Restoration of Degraded Rivers: Challenges, Issues and Experiences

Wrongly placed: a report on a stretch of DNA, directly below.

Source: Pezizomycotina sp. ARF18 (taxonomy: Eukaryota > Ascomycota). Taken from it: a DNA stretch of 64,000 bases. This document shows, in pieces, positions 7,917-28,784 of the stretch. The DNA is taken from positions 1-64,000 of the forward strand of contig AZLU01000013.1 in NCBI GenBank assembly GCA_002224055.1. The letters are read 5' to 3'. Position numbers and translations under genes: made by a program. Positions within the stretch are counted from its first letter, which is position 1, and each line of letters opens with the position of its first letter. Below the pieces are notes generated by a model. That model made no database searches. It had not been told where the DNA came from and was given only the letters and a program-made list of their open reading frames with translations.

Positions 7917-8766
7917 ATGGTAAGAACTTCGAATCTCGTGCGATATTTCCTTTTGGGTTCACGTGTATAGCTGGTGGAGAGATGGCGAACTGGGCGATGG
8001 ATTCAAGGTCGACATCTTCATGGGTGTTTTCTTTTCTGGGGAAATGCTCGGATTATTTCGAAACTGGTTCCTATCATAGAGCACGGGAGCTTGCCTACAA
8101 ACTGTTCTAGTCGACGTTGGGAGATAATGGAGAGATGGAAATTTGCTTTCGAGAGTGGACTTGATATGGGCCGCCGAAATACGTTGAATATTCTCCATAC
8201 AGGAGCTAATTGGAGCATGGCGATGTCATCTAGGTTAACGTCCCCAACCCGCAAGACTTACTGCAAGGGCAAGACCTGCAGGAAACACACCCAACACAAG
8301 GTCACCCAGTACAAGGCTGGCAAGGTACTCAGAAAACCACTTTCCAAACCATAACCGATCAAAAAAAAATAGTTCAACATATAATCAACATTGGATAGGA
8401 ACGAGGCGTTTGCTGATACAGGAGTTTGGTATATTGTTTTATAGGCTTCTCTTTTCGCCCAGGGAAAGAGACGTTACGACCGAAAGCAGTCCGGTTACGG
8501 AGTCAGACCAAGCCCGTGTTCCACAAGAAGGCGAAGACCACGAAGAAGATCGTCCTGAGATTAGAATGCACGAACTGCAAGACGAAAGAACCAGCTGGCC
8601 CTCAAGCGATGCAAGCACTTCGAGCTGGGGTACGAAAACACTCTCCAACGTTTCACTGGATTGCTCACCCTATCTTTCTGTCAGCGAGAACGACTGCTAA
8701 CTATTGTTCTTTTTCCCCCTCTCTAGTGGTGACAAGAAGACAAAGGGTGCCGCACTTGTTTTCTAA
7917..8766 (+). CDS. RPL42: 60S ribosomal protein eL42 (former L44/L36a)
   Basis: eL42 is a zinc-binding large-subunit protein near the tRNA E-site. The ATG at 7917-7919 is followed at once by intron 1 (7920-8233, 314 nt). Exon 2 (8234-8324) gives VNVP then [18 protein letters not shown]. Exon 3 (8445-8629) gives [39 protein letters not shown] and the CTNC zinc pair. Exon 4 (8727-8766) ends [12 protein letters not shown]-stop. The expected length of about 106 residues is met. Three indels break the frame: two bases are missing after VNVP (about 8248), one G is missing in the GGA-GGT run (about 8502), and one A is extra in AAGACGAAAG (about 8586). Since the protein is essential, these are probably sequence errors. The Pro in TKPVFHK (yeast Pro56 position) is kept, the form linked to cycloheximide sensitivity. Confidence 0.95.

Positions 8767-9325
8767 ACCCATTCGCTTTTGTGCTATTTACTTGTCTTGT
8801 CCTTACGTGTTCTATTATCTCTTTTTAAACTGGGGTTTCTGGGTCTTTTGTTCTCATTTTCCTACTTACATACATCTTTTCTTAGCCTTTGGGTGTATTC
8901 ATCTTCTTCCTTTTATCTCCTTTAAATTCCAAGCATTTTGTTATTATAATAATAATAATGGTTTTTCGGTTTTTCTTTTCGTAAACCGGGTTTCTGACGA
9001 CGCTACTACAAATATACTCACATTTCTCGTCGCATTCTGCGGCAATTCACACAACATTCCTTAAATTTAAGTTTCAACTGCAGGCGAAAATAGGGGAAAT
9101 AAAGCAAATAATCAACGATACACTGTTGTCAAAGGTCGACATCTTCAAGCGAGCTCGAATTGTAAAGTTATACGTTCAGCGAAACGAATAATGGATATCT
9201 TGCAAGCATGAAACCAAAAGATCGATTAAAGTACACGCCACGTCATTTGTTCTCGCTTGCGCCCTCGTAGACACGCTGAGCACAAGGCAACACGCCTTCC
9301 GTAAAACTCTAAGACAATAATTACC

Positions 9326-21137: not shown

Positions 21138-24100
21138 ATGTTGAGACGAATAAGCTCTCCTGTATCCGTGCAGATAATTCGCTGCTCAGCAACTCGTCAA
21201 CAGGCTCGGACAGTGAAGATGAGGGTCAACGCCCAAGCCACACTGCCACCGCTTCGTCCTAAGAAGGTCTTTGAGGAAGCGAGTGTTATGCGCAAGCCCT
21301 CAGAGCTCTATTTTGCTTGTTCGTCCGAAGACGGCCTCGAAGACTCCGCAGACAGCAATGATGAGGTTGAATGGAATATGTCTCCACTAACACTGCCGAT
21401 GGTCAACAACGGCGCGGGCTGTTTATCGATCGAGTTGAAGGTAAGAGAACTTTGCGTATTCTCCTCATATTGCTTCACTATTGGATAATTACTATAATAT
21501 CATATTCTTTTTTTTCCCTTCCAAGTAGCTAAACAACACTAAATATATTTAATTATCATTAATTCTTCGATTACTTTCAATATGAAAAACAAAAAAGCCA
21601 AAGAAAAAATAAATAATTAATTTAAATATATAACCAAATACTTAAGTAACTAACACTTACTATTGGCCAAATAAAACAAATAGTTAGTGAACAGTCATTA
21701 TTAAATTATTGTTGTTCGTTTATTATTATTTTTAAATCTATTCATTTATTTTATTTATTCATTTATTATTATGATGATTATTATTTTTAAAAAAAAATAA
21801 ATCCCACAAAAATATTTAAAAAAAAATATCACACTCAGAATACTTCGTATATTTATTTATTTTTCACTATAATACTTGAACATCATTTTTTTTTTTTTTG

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In the continued quest for increased economic benefits from our water resources, numerous structures and operating policies for controlling the river flow have been built and implemented. These structures and associated operating policies can facilitate navigation; they can provide greater quantities of reliable water supplies to meet agricultural, industrial and municipal water demands; they can generate hydroelectric power and energy; and they can provide increased flood protection, recreation, and other benefits. Over the past half-century we have converted many of our rivers into engineered waterways. These straightened, often periodically dredged, engineered rivers are complete with dikes, reservoirs, weirs, and diversion canals. All this engineering has enhanced economic development. However, as rivers and their floodplains become stressed from the excessive use and misuse of their resources, their contribution to economic development can be threatened. Evidence of economic and ecological degradation, especially in relatively large river systems such as the Danube, the Mississippi, the Rhine, and the Volga, has increased our appreciation of beneficial roles natural aquatic and terrestrial ecosystems play in water quantity and quality management. We have recognized the need to pay more attention to letting nature help us regulate water quantity and quality rather than working against nature and its variabilities and uncertainties. Today there are efforts underway in many developed river basins to 'de engineer' or return these straightened and controlled rivers to a more natural state.